New Musculoskeletal Health study cautions use of whole-body vibration platformsA new study from Western University shows that whole-body vibration platforms, which are used extensively in health clubs and rehabilitation clinics, may be causing significant damage to joint tissues.
The findings by Cheryle Séguin, Matthew McCann and collaborators from the Western Cluster of Research Excellence in Musculoskeletal Health were published this week by Arthritis & Rheumatology.
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Whole-body vibration platforms are used to treat a wide range of musculoskeletal disorders like osteoporosis, osteoarthritis and back pain while professional and amateur athletes employ vibration training machines to increase muscle strength. In addition, these platforms are also marketed to the general public as the 'no work workout' for weight loss. Yet surprisingly, there was previously very little known about the effect of whole-body vibration on joint tissues.
"Based on the positive effects whole-body vibration has on bones and muscle, we initiated these studies assuming that whole-body vibration would be equally beneficial to the soft connective tissue of joints," says Séguin, an Assistant Professor in the Department of Physiology and Pharmacology at Western's Schulich School of Medicine & Dentistry.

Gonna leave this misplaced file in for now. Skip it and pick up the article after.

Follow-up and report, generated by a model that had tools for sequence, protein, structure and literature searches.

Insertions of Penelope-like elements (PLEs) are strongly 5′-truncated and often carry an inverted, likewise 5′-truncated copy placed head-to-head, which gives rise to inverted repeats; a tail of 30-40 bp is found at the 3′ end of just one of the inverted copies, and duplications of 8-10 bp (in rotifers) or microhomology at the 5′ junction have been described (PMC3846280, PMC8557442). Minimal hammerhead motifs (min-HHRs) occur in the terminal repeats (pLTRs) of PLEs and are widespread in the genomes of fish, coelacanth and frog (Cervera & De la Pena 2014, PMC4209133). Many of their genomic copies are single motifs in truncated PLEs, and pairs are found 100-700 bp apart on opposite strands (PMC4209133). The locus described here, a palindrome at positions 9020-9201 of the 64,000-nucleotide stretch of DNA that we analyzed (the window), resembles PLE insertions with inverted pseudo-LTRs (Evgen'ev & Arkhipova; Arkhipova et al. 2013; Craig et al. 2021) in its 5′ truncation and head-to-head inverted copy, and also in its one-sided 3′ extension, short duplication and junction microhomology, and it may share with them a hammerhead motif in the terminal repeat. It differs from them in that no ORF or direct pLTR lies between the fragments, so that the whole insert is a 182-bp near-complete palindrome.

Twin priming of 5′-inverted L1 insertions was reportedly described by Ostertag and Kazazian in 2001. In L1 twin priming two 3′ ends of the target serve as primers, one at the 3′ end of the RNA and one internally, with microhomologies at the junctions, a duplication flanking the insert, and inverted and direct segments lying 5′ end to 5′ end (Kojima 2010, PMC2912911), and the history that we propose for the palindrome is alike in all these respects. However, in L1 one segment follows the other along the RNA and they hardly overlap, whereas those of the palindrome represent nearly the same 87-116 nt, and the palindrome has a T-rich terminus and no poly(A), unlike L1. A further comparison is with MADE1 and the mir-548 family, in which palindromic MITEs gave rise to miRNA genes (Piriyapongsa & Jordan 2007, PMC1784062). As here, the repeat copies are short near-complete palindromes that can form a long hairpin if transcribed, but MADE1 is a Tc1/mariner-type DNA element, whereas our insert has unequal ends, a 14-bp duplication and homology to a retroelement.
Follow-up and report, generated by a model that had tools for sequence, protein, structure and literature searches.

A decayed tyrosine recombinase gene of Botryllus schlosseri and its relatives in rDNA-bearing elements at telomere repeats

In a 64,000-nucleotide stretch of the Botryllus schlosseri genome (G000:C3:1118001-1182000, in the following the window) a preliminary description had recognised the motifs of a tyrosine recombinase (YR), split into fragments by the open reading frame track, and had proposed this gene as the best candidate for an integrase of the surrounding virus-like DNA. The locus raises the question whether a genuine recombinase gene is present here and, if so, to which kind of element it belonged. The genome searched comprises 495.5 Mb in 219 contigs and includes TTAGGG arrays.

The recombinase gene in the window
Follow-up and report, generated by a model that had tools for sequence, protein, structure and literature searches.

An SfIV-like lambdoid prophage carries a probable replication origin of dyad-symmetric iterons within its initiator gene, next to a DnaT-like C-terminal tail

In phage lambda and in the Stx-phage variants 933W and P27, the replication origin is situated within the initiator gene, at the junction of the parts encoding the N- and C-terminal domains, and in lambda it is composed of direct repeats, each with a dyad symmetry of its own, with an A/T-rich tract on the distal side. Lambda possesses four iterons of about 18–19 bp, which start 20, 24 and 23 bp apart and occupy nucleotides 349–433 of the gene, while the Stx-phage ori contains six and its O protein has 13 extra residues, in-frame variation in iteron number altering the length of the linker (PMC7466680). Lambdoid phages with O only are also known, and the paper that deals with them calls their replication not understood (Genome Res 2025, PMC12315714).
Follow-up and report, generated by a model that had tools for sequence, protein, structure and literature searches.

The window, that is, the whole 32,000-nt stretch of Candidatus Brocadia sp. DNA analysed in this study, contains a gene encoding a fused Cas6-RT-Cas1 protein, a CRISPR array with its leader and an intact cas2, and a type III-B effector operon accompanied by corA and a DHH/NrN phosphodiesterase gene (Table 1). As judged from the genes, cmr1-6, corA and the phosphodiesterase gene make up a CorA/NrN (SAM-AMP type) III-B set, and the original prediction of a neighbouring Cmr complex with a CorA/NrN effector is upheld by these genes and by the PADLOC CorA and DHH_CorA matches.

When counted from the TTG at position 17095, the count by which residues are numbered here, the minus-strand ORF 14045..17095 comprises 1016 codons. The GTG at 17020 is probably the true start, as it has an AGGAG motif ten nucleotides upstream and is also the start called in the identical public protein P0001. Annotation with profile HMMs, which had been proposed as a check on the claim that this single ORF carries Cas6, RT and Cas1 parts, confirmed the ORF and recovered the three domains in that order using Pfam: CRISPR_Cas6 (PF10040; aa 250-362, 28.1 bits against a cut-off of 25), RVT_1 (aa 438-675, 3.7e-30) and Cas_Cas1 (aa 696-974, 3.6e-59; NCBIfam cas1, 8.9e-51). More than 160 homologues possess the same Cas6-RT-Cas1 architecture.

However, the study using pre-clinical models revealed significant negative effects of whole-body vibration on joint tissues. Examination of the knee joints after just four weeks of daily exposure to whole-body vibration revealed focal damage to the articular cartilage resembling osteoarthritis, as well as damage to the spine resembling disc degeneration.
"Caution should be taken with the use of whole-body vibration platforms at rehabilitation clinics and health clubs until more rigorous research has been done," says McCann, a post-doctoral fellow in the Séguin Lab. "Our study with pre-clinical models shows that whole-body vibration platforms cause significant joint degeneration both in the knee and spine."
This work was funded by the Natural Sciences and Engineering Research Council of Canada, Canadian Institutes of Health Research and the Arthritis Society. Infrastructure was provided in part by the Canada Foundation for Innovation-Leaders Opportunity Fund.